Making up for Thursday
Well there it is, that troubling sentiment expressed so poorly by some who assert or imply that everyone who isn’t a Christian (and usually, everyone who isn’t their kind of Christian) is going to hell.
Here we face the great challenge of rightly understanding the message of Jesus. Matthew, Mark and Luke are all quite clear that Jesus proclaimed that people should turn and show allegiance to the dawning reign of God. And even though the Gospel of John uses very different language to describe the reality of this life that has come in Jesus, yet the fundamental elements of the message are the same. For John, who uses the language of eternal life (in Greek the life of the ‘aeon’, the life of the age to come), this life is something we have now in Christ. It is not waiting for us in heaven after we die; it is a present reality he describes as abiding in the Father. What the other Gospels describe as ‘the kingdom of God’ is this same imperishable life, a transformed existence of a world – and our lives – that has been brought into the realm of God, brought under the gracious life-giving governance of God’s Spirit. All four Gospel bear witness to Jesus bringing a world restored, healed, transformed, resurrected.
If our fundamental narrative is that good people (good morally or good from good works or good from trusting Jesus) go ‘up’ to some place called ‘heaven’ and bad people (bad morally or bad because they did not trust/believe in Jesus) go ‘down’ to some place called ‘hell’ then this statement – “There is salvation in no one else, for there is no other name under heaven given among mortals by which we must be saved” – is going to sound very different than if our fundamental narrative is that God has come to heal the world in Jesus, to carry us from this broken age of sin and death into a new age of grace and life.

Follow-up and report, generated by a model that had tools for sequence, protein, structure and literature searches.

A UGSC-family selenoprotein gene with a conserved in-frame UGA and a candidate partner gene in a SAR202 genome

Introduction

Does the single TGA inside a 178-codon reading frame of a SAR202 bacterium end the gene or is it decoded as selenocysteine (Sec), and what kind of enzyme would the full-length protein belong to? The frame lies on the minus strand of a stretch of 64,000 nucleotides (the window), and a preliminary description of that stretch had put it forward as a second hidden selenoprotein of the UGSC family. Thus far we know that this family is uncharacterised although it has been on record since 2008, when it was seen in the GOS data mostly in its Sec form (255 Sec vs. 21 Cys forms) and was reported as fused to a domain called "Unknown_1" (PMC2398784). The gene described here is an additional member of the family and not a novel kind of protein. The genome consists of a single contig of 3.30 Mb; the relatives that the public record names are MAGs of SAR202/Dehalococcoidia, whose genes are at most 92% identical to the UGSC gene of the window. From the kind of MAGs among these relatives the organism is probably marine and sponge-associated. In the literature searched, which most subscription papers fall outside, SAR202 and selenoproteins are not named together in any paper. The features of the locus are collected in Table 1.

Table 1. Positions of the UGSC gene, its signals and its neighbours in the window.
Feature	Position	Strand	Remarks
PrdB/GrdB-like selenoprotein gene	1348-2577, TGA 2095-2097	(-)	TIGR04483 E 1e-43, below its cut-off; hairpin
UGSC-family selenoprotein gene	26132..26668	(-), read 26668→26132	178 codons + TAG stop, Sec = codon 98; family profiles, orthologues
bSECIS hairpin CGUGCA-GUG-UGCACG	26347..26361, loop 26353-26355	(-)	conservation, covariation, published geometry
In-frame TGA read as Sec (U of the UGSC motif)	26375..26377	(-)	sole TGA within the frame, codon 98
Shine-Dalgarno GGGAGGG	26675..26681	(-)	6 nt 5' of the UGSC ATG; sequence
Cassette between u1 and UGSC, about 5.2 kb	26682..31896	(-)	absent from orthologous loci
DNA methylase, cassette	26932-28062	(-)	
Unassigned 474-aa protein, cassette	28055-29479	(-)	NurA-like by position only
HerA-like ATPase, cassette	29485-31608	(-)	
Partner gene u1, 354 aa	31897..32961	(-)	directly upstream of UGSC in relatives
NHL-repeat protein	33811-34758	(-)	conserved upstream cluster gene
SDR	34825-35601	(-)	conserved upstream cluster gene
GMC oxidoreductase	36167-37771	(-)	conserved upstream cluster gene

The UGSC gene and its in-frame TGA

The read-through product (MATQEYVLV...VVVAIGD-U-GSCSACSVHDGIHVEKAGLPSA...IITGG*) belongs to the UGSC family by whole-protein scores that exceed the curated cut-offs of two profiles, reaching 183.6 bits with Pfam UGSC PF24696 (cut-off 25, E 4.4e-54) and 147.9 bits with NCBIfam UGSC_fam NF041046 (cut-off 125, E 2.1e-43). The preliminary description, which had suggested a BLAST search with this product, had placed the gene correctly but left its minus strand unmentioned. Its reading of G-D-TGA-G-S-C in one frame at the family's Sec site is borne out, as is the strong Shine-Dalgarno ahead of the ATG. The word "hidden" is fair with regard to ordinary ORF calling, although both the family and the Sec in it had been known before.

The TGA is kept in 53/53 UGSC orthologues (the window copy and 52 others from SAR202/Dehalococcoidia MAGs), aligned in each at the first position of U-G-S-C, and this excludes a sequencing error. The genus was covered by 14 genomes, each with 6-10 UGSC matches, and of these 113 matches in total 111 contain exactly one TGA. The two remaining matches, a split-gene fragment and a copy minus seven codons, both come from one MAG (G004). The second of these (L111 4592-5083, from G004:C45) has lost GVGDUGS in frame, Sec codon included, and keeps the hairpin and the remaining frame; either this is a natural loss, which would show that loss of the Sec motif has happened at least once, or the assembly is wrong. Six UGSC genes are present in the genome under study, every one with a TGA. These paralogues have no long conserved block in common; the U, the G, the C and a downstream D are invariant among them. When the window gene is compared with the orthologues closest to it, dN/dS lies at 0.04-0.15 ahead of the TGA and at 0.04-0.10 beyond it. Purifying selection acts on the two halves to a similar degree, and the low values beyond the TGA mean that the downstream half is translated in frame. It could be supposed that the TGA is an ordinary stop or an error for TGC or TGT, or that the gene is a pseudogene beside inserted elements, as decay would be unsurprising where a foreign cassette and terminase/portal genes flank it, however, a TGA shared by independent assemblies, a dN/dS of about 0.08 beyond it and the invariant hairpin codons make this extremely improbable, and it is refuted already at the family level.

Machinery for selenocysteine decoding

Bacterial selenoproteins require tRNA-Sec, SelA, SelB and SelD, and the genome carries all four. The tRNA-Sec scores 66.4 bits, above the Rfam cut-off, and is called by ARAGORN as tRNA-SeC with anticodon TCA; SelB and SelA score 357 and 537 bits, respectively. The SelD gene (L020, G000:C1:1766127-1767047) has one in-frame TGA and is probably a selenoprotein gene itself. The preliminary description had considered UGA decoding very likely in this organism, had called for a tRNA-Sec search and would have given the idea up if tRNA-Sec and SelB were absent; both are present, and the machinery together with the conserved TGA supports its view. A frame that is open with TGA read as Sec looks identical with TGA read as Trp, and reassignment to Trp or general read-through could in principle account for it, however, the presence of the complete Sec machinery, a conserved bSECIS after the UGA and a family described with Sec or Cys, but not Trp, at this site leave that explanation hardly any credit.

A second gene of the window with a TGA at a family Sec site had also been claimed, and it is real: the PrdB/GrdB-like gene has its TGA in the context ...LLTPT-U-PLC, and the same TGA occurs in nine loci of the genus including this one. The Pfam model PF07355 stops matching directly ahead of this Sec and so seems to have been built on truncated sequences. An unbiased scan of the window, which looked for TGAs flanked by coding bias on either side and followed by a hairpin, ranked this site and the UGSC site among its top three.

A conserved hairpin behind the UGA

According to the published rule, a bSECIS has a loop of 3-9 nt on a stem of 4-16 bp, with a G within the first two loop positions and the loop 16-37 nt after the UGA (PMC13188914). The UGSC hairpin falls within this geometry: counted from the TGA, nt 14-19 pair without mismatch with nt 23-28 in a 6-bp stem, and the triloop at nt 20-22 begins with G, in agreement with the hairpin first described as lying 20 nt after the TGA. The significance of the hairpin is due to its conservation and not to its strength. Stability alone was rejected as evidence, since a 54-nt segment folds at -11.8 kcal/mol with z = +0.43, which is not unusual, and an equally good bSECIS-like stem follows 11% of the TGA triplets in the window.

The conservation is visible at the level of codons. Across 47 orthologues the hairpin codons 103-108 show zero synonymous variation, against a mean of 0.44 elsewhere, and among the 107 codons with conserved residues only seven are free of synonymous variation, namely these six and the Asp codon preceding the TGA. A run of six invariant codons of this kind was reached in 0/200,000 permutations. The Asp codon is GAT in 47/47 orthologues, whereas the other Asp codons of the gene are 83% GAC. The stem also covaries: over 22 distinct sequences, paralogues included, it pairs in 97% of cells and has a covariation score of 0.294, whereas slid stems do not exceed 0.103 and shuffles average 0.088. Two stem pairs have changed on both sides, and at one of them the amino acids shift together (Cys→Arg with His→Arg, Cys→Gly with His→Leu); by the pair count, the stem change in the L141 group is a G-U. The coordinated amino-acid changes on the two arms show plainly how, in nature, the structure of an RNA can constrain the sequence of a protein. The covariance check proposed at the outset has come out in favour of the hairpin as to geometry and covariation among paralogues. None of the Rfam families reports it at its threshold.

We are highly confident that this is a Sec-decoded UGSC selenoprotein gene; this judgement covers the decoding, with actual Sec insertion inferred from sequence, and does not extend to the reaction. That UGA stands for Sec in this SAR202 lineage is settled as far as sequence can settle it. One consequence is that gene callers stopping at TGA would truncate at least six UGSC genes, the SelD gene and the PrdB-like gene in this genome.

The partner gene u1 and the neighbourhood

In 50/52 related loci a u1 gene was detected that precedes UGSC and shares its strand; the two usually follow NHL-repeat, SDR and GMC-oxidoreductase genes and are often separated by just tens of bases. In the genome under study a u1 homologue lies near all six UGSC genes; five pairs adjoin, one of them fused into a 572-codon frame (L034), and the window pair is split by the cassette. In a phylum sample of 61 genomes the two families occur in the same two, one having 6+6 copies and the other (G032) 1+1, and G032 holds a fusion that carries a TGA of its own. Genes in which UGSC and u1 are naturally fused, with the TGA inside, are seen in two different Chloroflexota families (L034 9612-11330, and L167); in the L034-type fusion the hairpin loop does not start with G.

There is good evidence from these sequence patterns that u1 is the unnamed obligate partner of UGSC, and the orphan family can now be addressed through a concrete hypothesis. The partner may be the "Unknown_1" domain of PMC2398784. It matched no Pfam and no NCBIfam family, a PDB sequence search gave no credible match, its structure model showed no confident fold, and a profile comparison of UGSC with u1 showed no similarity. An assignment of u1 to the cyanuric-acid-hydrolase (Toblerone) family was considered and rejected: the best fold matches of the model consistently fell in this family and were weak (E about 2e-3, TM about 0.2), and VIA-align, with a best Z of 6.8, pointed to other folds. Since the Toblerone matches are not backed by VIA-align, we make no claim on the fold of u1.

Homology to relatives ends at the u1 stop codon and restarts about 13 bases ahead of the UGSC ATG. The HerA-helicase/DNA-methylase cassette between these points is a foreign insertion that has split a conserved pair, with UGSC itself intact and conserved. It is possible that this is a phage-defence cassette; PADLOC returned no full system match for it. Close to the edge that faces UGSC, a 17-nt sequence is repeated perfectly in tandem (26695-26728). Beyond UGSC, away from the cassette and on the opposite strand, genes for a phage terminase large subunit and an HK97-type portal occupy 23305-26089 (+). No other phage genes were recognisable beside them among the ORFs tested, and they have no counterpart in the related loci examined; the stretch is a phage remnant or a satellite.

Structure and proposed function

If Jesus is the only way to get into a place called heaven, and I don’t believe in Jesus, then we are stuck putting me and all those like me in hell. But if Jesus is the one who heals a dying world, who reconnects God and humanity that they might dwell together, then his ‘name’ is what heals. Regardless of your religious experience or behavior, regardless of your psychological health or moral history, his name, his power, his identity, is what heals.
It still leaves open, of course, the question whether I am going to show allegiance to and trust in that ‘name’, but it will not be my trust that gets me “into heaven”; it is Jesus who brings heaven to the world.
The Greek words ‘to save’ and ‘salvation’ mean to heal, to restore to a full life in your social context – to restore you to family and friends and fields and the religious life of the nation. Someone who has been ‘saved’ gets to return home. They get to return to the temple. They get to return to their life. Saving the world means restoring God’s creation so that we live in harmony with God and one another. God doesn’t want us to dwell in heaven (the heavens) with him, he wants to dwell on earth with us: the lion and the lamb, the new Jerusalem, the wedding banquet that has no end. The martyrs under the altar in Revelation 7 are waiting for God’s New Jerusalem on earth; they don’t want to stay under the altar.
It is Jesus who brings healing to the world. It is the crucified one, who did not wreak vengeance on his enemies but forgave them. It is the risen one, whom God declared as his true and righteous one. It is this one who would not be tempted to turn his power or authority to his own ends but remained the perfectly faithful son (the ‘son’ we have not been) that brings wholeness to all existence.
Power, War, Sex, or any of the governing powers and ideologies of our world will not do this. War can’t bring peace. It can crush an army, but it cannot bring peace. My mother can force me to share with my brother, but force cannot make me want to share. Only a boundless generosity and love can create me as a loving, generous person. Only the boundless love of God manifest in Jesus will heal the world. That is a far different claim than “believe in Jesus or go to hell.”
Christians don’t have to – and shouldn’t – surrender and say there are many paths to heaven to avoid the ugliness of “believe like me or die.” We have to only understand that “heaven” is coming to us. Jesus is bringing to us the healing of the world.
And we are invited to show allegiance. We are invited to trust it. We are invited to live now the healing that awaits us. To forgive as we have been forgiven. To love as we have been loved. To open wide our hands and arms as God has opened wide his arms to us.